Libby Quaid of the AP reports today on a new Education Trust study of American high school dropout rates. According to that report, today’s kids complete high school at a lower rate than did their parents, NCLB hasn’t helped, and the solution is more federal money and sage oversight. Both the study and the AP story would have benefitted from a look at the work of two University of Chicago economists: James Heckman and Derek Neal.
Heckman, often cited as one of the biggest influences on Barack Obama’s education policy platform, co‐authored in 2007 what is still the definitive study of U.S. graduation rates. He found that the graduation rate peaked around 80 percent in the late 1960s and has drifted down by four or five points since then. He also found a sudden up‐tick immediately after the passage of NCLB. So did NCLB really help American kids? Not so fast. Heckman writes:
NCLB gives schools strong incentives to raise graduation rates by any means possible. When monitoring was implemented in 2002, minority [student] retention [i.e., flunking] dropped sharply and graduation rates turned upward, especially for minority groups (Figure VI and VII).… Whether these represent real gains or are an indication of schools cheating the system in the face of political pressure remains an open question for future research, although the timing suggests strategic behavior [i.e., cheating].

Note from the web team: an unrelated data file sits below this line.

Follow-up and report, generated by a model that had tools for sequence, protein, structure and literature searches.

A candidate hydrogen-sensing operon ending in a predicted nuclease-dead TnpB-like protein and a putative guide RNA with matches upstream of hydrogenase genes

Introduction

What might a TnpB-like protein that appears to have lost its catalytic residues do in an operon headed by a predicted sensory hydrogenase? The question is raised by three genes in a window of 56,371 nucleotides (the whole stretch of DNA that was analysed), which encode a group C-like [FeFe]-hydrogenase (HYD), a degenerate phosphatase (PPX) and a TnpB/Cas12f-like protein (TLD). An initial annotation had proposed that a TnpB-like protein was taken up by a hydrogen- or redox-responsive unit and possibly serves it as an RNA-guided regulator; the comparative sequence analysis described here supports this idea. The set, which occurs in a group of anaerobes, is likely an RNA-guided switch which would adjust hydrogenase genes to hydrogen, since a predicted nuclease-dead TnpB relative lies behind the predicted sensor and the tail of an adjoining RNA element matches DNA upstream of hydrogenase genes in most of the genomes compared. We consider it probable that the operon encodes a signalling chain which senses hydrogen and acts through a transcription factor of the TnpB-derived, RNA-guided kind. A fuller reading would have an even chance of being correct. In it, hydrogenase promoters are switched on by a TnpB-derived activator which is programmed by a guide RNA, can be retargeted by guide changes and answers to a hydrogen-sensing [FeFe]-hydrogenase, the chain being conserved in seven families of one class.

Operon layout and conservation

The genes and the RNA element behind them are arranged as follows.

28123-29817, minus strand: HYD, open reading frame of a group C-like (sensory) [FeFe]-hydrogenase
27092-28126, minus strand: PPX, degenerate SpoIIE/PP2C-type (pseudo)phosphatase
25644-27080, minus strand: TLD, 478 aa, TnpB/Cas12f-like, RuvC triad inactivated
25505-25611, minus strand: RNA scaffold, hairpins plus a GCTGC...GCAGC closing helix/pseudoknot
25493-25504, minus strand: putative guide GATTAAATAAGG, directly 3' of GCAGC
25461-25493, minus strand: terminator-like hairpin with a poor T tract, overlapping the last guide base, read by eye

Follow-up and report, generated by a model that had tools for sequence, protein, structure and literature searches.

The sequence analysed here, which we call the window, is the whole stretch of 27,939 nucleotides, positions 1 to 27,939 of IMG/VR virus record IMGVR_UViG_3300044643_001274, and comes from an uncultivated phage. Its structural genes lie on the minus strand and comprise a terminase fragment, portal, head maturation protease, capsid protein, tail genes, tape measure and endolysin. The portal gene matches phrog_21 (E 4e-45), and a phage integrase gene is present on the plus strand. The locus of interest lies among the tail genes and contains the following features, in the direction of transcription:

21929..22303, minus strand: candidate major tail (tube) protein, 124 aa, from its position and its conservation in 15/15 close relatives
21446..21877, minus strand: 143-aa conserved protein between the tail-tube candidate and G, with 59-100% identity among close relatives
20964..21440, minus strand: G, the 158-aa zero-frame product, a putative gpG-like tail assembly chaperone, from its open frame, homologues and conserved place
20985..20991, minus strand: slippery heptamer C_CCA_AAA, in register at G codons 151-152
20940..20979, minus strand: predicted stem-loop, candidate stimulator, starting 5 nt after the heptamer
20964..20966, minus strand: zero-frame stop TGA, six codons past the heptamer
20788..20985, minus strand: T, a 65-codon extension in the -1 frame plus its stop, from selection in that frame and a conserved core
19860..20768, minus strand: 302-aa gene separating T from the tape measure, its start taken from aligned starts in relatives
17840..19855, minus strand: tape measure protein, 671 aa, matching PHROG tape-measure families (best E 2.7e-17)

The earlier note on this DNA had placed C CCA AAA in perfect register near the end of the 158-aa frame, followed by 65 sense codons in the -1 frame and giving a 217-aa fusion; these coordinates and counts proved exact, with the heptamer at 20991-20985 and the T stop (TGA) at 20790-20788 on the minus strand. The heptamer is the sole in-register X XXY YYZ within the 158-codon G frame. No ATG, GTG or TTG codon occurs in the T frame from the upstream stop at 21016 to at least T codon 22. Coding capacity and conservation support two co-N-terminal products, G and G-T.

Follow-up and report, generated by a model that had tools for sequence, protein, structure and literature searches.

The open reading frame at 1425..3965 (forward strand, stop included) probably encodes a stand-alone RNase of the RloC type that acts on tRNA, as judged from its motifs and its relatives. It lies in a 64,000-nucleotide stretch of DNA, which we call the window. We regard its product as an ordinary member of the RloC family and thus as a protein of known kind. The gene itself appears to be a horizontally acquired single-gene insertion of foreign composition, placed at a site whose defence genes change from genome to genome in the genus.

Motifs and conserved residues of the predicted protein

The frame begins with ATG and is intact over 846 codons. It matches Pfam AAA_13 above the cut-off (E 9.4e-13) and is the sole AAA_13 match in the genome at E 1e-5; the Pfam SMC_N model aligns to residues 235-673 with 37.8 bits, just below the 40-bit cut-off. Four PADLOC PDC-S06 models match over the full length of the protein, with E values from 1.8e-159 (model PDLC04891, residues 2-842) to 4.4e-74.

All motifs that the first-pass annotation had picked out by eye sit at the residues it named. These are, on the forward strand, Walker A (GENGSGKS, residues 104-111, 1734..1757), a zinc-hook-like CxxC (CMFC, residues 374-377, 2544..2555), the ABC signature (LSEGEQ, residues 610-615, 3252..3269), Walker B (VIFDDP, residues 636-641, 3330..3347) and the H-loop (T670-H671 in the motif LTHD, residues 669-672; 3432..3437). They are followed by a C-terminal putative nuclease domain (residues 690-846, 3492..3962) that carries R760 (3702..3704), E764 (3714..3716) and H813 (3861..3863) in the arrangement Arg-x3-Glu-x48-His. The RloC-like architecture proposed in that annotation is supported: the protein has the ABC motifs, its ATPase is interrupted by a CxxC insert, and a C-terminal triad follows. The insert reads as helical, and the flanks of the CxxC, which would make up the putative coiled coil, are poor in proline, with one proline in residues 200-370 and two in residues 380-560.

The tons of money and federal oversight added by NCLB appear to be sweeping public schooling’s failures under the rug, not fixing them. The recommendation of the new Education Trust study, that even more money and better federal intervention will do the trick, does not inspire confidence. Unless one believes that a prospective Obama presidency will usher in a gilded age of wise bureaucrats and politicians immune to self‐interest, there is no reason to expect that more of the same “solutions” will produce anything other than more of the same results.
If any politicians and voters in this country actually care about raising the graduation rate in a meaningful way, they might want to have a look at the work of Heckman’s colleague Derek Neal, and the subsequent work of Greene (2004) and Warren (2008) — all of whom find that private schools significantly increase the graduation rates of urban (especially minority) children over the rates of similar students attending public schools. And they do this, of course, for about two‐thirds of the cost.
Alas, don’t expect Obama to listen to Neal, Greene, or Warren on this evidence any time soon, as Obama has publicly expressed his opposition to parental choice programs that include private schools.